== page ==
Imagine it’s the apocalypse.
Or rather, imagine it’s right now, but instead of being barricaded in your first-world home behind a wall of toilet paper and Febreeze, you’re posted somewhere deep in the Central American jungle, surrounded by monkeys and mosquitoes and terribly fun beach breaks, ranging anywhere from one-to-six feet.
Now imagine that you’ve only got one surfboard, and with borders closing around the world, no idea how long you’ll be stuck there.
What board would you choose?
Pick a board, any board!
Having sampled a wide range of boards in Central America as a part of the Joyride series, I feel uniquely qualified to answer this question.
The JS Black Barron and Forrest Minchinton twinnies would be best for when it’s small and/or mushy.
But what’s the board that performs best across all conceivable conditions? Well, you’d be hard-pressed to find something more adaptable than the Chemistry Zen3.
Short, wide, a little cushion for the pushin’, channels and a five fin setup. What doesn’t the Zen3 have going for it?
First thoughts: looks a bit fishy, right? Kinda like a groveler…
Well, you’re half-right.
I spent the holidays in Costa Rica’s north, and January is a notoriously flat month for the South Pacific. When I say the waves were a maximum of one-foot on New Year’s Eve, that is not some Hawaii-inspired flex. I mean a very literal, Florida-style one foot. The type of wave that slaps an average man’s knee or my bellybutton.
Tiny, gutless, borderline unsurfable. But it was the last day of the decade, I was a little tipsy from day drinks on the beach and wanted to catch a wave before the world burned (little did I know how true this prophecy would become). So I waxed up the Zen3 and paddled past a few ex-pat dads pushing their three-year-olds into shorebreak rollers.
“Bit keen, don’t ya think?” said one dad, Aussie, with a cheeky grin.
I laughed, half-embarrassed.
“Had to see if it was possible…”
Three successful, surprisingly fun rides later, and the Aussie dad was ditching his kid on the beach and paddling out on the 7′ foam-board himself.
I laughed again as he approached the lineup, this time more confidently.
“It doesn’t take much to convince me,” he chuckled, and before turning on a shin-high runner and surfing it gracefully to the shoreline.
Two takeaways here:
The Chem Zen3 can surf the smallest waves imaginable for a board under six feet.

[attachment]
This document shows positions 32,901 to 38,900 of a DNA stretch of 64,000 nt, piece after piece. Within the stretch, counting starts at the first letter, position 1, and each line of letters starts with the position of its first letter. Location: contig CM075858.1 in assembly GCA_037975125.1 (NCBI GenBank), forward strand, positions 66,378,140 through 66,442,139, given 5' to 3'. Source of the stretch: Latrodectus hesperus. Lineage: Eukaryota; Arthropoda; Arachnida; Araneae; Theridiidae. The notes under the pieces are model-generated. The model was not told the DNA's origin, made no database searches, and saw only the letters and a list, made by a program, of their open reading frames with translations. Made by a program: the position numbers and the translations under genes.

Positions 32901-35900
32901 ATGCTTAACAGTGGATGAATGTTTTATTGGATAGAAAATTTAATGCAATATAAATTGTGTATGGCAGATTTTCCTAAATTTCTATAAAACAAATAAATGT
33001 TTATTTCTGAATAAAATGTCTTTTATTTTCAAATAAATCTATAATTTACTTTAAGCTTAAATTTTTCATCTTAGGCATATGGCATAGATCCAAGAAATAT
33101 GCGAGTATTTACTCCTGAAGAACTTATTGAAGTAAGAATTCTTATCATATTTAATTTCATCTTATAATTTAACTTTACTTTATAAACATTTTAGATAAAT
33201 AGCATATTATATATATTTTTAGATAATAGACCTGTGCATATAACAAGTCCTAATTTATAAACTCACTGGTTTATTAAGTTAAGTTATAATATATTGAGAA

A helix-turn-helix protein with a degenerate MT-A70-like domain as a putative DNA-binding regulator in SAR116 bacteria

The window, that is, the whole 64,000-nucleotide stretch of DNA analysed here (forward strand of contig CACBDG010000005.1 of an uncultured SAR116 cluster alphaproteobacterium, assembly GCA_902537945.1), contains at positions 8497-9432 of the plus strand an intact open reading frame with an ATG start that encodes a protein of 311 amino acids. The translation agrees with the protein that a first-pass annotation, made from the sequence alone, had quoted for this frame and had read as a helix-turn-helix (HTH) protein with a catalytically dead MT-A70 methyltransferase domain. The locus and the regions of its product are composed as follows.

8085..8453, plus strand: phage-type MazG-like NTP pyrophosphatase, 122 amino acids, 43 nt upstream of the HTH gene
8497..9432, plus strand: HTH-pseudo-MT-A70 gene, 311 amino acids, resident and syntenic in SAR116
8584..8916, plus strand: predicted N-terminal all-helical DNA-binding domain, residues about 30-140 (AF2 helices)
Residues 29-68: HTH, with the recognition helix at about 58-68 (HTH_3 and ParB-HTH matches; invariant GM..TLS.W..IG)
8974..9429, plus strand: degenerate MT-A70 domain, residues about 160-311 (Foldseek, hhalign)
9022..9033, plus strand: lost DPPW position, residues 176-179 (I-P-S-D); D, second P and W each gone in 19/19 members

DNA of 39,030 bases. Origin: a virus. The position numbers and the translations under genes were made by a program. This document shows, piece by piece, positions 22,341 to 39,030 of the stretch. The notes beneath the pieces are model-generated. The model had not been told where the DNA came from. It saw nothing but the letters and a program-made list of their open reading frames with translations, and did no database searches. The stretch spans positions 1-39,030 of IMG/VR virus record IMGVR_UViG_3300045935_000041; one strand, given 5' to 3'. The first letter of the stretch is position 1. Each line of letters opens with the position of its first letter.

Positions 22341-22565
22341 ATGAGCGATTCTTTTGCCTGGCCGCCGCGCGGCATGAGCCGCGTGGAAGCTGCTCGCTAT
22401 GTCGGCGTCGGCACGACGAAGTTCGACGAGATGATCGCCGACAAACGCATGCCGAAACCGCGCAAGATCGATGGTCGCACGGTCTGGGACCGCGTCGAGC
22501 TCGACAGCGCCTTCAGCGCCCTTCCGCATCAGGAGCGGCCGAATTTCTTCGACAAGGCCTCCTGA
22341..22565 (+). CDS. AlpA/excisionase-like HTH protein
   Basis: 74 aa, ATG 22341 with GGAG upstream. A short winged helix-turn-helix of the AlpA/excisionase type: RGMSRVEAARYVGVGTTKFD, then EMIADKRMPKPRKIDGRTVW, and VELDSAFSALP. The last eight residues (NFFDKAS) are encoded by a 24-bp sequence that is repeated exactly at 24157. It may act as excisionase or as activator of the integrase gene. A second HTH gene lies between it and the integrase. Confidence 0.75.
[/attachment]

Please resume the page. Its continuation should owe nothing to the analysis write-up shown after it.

Find an Aussie at any lineup in the world, and even if he’s riding his kid’s 7-foot foamie, he’ll probably be the best one out there.
Not the day in question, but not much bigger, either.
Sure, this board can grovel, but here’s the thing about the Zen3—it’s actually designed for heavy, hollow surf.
Surprised? So was I, until I considered the following:
The Zen3 has a relaxed entry rocker and tons of forward volume for paddling, four channels on the bottom for speed and control, and a shortened outline that makes negotiating small-ish tubes a dream.
And while the wide thumb-tail mightn’t be a traditional tube shape, it has the unique benefit of allowing for widely-spaced quad fins. The large gap between the trailers equates to more overall speed, which is always your friend in run-n-gun surf.
This all sounds great on paper, but then so did Enron.
In order to verify its abilities (or at least that it wasn’t a Ponzi scheme), I had to sample the Zen3 in dumpy beachbreak tubes. Luckily, I knew just the place.
The following took place in a 30-minute window of frivolity before the wind came up and turned it to cheddar.
Takeaways: for a board that’s several inches shorter than me, the Zen3 paddled extremely well. It wasn’t the most adept at knifing drops, probably because it’s thick in the rails and generally wide, but once you’d set your rail it was off like a Roman candle. Super-fast with great lateral mobility.
Also, it’s worth talking about fins.
In my opinion, the Zen3 is best suited to a quad setup due to its short outline, wide tail, and preferred wave types (tiny burgers and dumpy tubes). However, when I rode the board as a quad, it was difficult to control backside. As a thruster, it was more reliable but seemed to go about 30% slower.
Like almost anything in life, you’ve gotta give to get. And I’ll forfeit every stupid left for the chance to fly on my forehand. So quad fins it is.
Feel the rhythm, feel the rhyme!
We now know that the Chem Zen3 can tackle small, gutless surf and thumping tubes, but how would it fare in Central America’s typically middling, rippable conditions?
After sampling the board in a number of chest-high, well-shaped waves, I’d say it presents right around average.
By looking at the Zen3, you can tell it’s not gonna be some wild high-performance craft, but it got the job done both off the lip and on the rail. There were some occasional slide-outs and bogs—particularly when trying to turn hard in a cupped-out section—but when I remembered to slow everything down and carve a bit more gingerly, the Zen3 flowed beautifully.
Now, an overall assessment:
As both a groveler and a tube board, the Zen3 is an 8.
As an everyday shooter, a 5.
That makes its average score across all three sections of the Central American surf criteria a flat 7.
That number might not have you jumping out of your seat, but think about this logically: is there a board in your quiver that would score similarly or higher across such a broad spectrum of conditions?
I’ve ridden a fair share of brands and models over the past couple of years, and if you told me I could only use one of them for my next few months of isolation, the choice would be clear.
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